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Turkish Menace

(540 words)

Author(s): Ursinus, Michael
[German Version] Especially after the fall of Constantinople in 1453, the image of the “terrible Turk” as the pagan archenemy of Christendom spread among the population of the Christian West, encouraged by spokesmen for the church and the secular authorities, who called for a religious war against the Turks (and imposed a “Turkish levy” to finance it). After c. 1500, the pressure and dissemination of anti-Turkish propaganda played a significant role. A broadsheet published in Rome in 1453 describe…


(603 words)

Author(s): Ursinus, Michael
[German Version] The Ottomans, sometimes called the Imperial House of Osman (the dynasty’s founder), were the rulers of the Ottoman Empire. In a broader sense, the term denotes the Muslim (and since around the mid-19th cent. officially even the non-Muslim) population of this last Islamic empire. It had arisen from the chaos surrounding the collapse of Mongol rule over the Seljuks, developing from an Anatolian principality into an immediate neighbor and rival of Byzantium, until finally, with the c…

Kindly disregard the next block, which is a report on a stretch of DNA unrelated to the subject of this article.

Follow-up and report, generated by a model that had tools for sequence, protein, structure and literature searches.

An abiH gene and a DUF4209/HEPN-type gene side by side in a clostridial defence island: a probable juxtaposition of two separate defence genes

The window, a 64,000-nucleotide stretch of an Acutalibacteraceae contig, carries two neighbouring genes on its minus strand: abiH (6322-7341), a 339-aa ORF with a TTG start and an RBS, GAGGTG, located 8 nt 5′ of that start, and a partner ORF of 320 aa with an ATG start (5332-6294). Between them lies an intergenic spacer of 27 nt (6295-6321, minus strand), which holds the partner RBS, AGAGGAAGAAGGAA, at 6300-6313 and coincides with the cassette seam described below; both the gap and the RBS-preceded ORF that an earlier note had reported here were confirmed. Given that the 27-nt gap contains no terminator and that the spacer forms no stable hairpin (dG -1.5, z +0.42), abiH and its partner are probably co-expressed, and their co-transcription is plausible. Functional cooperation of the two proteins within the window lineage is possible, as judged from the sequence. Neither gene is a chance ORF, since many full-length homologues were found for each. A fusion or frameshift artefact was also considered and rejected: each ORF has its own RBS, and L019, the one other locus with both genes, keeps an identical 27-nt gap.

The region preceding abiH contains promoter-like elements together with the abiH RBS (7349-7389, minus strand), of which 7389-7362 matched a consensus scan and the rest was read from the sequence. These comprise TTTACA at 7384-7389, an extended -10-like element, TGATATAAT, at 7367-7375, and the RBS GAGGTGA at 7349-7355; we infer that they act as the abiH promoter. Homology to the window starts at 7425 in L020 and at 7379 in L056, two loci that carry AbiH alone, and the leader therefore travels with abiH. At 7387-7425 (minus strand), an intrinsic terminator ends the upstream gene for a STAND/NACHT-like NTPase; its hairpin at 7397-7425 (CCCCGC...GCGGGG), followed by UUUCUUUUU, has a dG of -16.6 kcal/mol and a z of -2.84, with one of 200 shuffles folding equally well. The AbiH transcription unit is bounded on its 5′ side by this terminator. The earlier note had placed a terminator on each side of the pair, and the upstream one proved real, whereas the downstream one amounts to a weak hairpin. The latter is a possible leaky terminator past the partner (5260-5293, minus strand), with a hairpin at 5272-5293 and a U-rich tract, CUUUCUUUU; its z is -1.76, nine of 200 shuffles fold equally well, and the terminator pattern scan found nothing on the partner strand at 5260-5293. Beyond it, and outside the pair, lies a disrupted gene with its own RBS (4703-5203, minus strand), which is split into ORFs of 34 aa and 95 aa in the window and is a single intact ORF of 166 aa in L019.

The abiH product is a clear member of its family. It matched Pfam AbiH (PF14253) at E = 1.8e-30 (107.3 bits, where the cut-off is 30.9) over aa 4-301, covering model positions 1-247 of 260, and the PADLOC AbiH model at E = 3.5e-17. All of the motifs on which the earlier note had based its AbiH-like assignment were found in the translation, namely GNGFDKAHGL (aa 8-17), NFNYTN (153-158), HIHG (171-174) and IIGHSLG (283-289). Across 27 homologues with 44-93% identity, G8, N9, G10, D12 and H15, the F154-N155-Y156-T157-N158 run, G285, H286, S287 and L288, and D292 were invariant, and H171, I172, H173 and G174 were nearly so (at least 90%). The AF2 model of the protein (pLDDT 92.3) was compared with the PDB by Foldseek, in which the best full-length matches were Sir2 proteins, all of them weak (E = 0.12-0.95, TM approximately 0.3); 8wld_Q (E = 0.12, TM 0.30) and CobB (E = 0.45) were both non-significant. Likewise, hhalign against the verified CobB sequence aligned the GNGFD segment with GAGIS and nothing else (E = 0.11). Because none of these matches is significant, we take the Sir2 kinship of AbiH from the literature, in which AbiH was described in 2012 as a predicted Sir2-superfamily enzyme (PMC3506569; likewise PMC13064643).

Asia Minor

(5,414 words)

Author(s): Schwemer, Daniel | Schuler, Christof | Rutgers, Leonard V. | Breytenbach, Cilliers | Ursinus, Michael | Et al.
[German Version] I. Geography – II. History – III. Society – IV. Religions – V. Literature I. Geography


(495 words)

Author(s): Ursinus, Michael O.H.
Cetinje (Turk. Çetince; in Ottoman orthography, Çetiīne) is a town in present-day Montenegro (Crna Gora; Turk. Karadağ), with a population of 13,991 (2011), which is located at the foot of Mt. Lovćen, roughly 30 kilometres (19 miles) southwest of the country’s capital, Podgorica. It served as the political, cultural, and spiritual centre of the principality of Montenegro (from 1910, a kingdom) until the end of World War I. Cetinje is famous for its Monastery of the Holy Mother of God (Bogorodica), as well as a rich tradition of publishing in Cyrillic, which began …
Date: 2020-12-18


(411 words)

Author(s): Ursinus, Michael O.H.
Basiret (Baṣīret) was an Ottoman periodical that was published—with interruptions due to censorship—from 20 Şevval (Shawwāl)1286/23 January 1870 until 20 May 1878, when it was closed by the government. Initially, it consisted of four pages per issue and appeared five days a week (except Fridays and Sundays). Later, it was published every day, with more pages, and its daily circulation rose from roughly 300 to about 1,000. The newspaper was revived again briefly, on 29 September 1908.…
Date: 2020-12-18


(517 words)

Author(s): Ursinus, Michael
[English Version] Osmanen, nach dem Dynastiegründer Osman benannte Herrscherfamilie des Osmanischen Reiches; im erweiterten Sinne Bez. auch für die musl., seit etwa Mitte des 19.Jh. gar offiziell auch die n…


(508 words)

Author(s): Ursinus, Michael
[English Version] . Propagiert von den Wortführern von Kirche und weltl. Herrschaft, verbreitete sich in der öfftl. Meinung des christl. Abend…